Author Topic: Job Question  (Read 3060 times)

westerndog

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Job Question
« on: September 07, 2012, 08:27:59 AM »
I work for a small company that has several offices; the one I work at has almost twice the volume as the other centers. We do receive a very small bonus for productivity, but it doesn't come close to making up for the extra workload. (All of the professional employees are essentially paid the same base rate, which is actually fairly market competitive). My question is: Do I make a stink about the discrepancy, or just suck it up? There is one other guy at my office that seems quite content to be fully taken advantage of-he has several kids, probably a ton of debt, and really no choice.

If I do push and the ownership does nothing, I feel at that point I would have to leave-I'm not sure that I want to do that at this time. Another variable is that the company is extremely short staffed in my particular specialty (and it is not easy to recruit quickly)-if I left, it would place an extreme burden on all of the others. I know that I am in a strong bargaining position, but I don't want to push myself into a corner just for a few bucks.

Anyone have any advice? Anything that I am missing? Is there another solution that could satisfy all?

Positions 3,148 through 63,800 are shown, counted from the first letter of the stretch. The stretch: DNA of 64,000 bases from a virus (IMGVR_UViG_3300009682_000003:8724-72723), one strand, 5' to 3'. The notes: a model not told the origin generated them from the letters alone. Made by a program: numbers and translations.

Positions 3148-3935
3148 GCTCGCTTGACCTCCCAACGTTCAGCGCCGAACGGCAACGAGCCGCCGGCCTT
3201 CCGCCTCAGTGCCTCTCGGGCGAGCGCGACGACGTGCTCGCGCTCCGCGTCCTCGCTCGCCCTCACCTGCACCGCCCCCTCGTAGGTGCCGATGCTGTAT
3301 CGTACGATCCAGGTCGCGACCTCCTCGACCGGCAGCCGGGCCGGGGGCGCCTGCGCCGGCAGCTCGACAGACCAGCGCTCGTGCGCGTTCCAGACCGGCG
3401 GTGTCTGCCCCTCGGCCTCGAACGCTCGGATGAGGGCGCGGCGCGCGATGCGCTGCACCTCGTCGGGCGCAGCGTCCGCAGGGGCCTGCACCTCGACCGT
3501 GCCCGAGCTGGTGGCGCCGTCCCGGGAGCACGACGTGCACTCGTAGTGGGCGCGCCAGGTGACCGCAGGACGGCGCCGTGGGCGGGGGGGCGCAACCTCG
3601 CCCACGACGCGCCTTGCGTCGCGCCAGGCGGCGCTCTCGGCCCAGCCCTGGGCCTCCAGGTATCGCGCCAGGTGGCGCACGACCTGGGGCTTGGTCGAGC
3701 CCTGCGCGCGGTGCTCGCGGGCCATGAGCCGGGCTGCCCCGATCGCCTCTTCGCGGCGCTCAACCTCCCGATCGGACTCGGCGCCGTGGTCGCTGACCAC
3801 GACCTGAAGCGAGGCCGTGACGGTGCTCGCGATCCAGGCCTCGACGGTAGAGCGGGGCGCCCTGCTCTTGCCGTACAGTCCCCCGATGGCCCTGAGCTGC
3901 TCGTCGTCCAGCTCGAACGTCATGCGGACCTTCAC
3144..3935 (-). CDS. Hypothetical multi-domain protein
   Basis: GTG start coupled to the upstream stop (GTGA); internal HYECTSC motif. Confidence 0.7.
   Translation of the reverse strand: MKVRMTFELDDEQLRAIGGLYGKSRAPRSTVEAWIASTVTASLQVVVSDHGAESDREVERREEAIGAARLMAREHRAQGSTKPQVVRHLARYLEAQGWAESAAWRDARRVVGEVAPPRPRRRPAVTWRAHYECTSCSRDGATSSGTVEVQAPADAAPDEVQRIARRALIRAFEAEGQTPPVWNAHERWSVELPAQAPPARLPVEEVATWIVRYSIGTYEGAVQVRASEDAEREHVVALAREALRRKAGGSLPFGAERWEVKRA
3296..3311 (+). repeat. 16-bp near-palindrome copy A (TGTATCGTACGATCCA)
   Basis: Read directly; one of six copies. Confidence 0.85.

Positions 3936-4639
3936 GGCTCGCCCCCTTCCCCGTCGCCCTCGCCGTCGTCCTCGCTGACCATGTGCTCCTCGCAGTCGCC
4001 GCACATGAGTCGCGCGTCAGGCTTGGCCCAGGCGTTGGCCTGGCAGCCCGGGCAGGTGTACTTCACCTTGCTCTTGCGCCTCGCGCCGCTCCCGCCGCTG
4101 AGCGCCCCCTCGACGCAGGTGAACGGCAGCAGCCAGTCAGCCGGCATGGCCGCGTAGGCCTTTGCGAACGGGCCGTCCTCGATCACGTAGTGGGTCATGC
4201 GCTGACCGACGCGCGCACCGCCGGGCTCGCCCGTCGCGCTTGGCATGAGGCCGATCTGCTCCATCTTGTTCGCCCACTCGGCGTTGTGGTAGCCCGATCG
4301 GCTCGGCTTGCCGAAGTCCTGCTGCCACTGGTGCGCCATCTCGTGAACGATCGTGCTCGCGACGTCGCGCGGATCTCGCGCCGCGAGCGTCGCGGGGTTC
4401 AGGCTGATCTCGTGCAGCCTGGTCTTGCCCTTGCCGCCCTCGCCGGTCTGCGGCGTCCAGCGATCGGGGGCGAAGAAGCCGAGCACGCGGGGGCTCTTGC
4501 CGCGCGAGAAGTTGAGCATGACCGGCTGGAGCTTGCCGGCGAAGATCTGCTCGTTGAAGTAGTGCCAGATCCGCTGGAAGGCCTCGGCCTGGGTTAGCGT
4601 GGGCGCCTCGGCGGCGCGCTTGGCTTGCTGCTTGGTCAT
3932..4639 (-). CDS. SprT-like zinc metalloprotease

tooqk4u22

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Re: Job Question
« Reply #1 on: September 07, 2012, 09:38:37 AM »
No boss will ever give you more $ if you don't ask for it, but you need to be careful with how you approach it and also be prepared for any consequences (like you not wanting to stay if they say no or worse if they say no it creates ill will toward you).

Sounds like you like your job and are being fairly compensated or better at this point, and if everyone in your group makes the same and performs the same then to me asking for a raise doesn't make sense. 

I also think bring it up in the context of claiming the other offices aren't doing their fair share will not come off well. Keep in mind the owners have more visibility than you do and there may be other things going on.

If anything I would approach it as an opportunity to make the company stronger/better and maximize its resources and quality.  To do this you would have to have hard facts about productivity and quality and make a case to transfer some of the work load to the other offices.

AJ

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Re: Job Question
« Reply #2 on: September 07, 2012, 09:50:22 AM »
I would ignore the perceived volume at other locations. If you had no knowledge of what was going on there, would you think you were being fairly compensated? If yes, do nothing. If no, ask for a raise. How hard other employees may or may not be working is irrelevant. Like tooqk said, you may not have all the information that the owners have. Reminds me of this parable from the bible...